Table of content
The UN and the UN Security Council
The Second Gulf War and the UN
The future of the UN
In March 2003 an US-led coalition declared war against the Iraq and invaded Iraq. As soon as in April the resistance of the Iraqi military ended and the ‘coalition of the willings’ came out as the winner. But until today the situation in Iraq is far away from being peaceful. Instead there are terror attacks with hundred, sometimes even thousand, of dead civilians and soldiers every month.
But there is another point that led the war appears in bad light, namely that the United Nations (UN) and especially the Security Council of the UN never clearly backed this war. Furthermore the US-led coalition started the invasion disregarding the international community that was majoritarian against an attack on Iraq. But the fact that the US started the war by-passing the UN generates the question which role plays the UN nowadays in international politics? Is the UN still the only authority that has the legitimacy to decide and act in matters of international peace and security or are states paying less attention to the rules and regulations of the UN and strong states like the US act without regards to the UN and its the decisions in the future? Thus, can the UN and the Security Council restore and maintain their authority in matters of international dimension – despite the fact, that they were undermined in the Iraq war by the US (and the states that supported the US-led coalition)? Or did the unilateral Iraq War marked the ‘end of international security system’ (Glennon 2003, p.17)?
The starting point of this essay is this thesis of Thierry Tardy:
‘The ill-founded war in Iraq no doubt undermined the authority of the UN Security Council, apparently unable to match US security interests. But it also holds true that the UN still matters for the overwhelming majority of actors in the “international community” and is likely to remain an inescapable pivot of security management long after the Iraq crisis is out of the headlines’ (Tardy 2004, p.591)
To discuss these points this essay starts with a short introduction about the UN system and the Security Council of the UN. Afterwards I will look at the war on Iraq, how the UN and its member countries, especially the US, acted during to and after the war. This part will deal with the question why the war was not backed by the UN and which impacts this war had on the UN and the international community. Additionally this part looks at the future of the UN and its role in international governance after the Second Gulf War. At the end I will make a short conclusion arguing that the Iraq War has not changed the role of the United Nations very significantly.
The UN and the UN Security Council
In 1945 the United Nations were founded. The United Nations were the successor of the League of Nations and were installed with the aim to prevent the recurrence of another world war. It has two central bodies that have an important role in saving international peace and security: the General Assembly and the Security Council (Weiss et al 2001, p.28).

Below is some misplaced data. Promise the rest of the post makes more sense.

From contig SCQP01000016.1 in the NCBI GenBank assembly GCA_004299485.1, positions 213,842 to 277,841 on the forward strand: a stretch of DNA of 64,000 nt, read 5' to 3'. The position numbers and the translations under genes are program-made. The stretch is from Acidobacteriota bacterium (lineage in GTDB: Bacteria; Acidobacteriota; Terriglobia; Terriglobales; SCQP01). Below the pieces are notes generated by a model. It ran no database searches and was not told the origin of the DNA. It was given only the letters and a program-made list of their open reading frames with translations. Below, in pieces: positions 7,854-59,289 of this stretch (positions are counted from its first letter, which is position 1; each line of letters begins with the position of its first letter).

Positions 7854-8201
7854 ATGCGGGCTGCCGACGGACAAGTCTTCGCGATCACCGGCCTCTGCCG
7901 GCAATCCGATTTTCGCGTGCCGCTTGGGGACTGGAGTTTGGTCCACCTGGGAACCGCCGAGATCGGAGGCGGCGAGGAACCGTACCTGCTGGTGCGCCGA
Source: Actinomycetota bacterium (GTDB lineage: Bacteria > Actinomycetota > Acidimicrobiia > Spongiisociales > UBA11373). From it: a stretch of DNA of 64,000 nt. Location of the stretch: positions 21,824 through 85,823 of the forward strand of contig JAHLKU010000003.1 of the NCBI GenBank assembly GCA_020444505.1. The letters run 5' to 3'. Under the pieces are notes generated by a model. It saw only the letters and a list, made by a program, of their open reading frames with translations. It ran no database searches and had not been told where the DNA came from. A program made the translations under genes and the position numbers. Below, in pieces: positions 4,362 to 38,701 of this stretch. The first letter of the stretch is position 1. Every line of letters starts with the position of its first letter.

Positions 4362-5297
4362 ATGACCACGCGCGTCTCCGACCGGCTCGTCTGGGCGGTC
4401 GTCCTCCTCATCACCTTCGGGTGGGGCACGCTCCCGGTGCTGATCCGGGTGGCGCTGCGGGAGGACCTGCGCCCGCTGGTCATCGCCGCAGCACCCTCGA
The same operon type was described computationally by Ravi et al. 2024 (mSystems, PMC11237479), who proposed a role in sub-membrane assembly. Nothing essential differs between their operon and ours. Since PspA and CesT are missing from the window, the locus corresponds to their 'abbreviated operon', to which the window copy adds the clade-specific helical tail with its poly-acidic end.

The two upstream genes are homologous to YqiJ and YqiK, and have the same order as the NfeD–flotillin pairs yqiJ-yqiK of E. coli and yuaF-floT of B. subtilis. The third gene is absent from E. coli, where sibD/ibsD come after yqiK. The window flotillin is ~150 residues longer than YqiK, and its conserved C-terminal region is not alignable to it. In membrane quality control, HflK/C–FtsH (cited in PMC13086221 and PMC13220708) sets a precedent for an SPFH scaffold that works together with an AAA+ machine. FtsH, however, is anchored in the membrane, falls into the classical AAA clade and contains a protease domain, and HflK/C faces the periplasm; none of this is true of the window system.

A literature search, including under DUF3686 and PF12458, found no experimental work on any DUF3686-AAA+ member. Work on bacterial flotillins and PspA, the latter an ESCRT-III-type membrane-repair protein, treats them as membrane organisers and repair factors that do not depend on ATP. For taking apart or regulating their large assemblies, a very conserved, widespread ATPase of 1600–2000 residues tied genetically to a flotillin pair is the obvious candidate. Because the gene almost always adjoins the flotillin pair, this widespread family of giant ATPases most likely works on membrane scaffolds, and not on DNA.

Important for this essay is especially Article 2 (4) of the Charter of the UN which states:
‘All Members shall refrain in their international relations from the threat or use of force against the territorial integrity or political independence of any state, or in any other manner inconsistent with the Purposes of the United Nations.’ (United Nations 2006)
There are only two exceptions to this ban of the use of force. The first one is individual or collective self-defence in the case of a preceding attack written in Article 51 of the Charter of the UN. Although anticipatory self-defence or with other words a pre-emptive attack in which the defender uses forces before an actual attack is not explicitly ruled out, it is also not explicitly endorsed. Therefore, it is the normal case that the state which uses force first is seen as the guilty party (Coate, Forsythe and Weiss 2001, p.33). But this promise did not fit to every action. An example is the Six Day War in 1967. It is widely agreed that Israel fought a defensive warfare against its surrounding Arabic neighbour states that were a major threat to the Israeli security at that time. Thus, while this war was a pre-emptive war it was at the same time the exercise of self-defence (Falk 2005, p.109).
The second exception is the right of implementation sanctions that are imposed on a state according to Chapter VII of the UN Charter by the Security Council, including the use of military force to protect human rights (Schieder 2003, p.70).
Important in the field of international security is the institution of the Security Council of the UN. According to Article 24 of the Charta of the United Nations the Security Council has ‘primary responsibility for the maintenance of international peace and security’. Furthermore the Security Council can make decisions that are obligatory for states (United Nations 2006).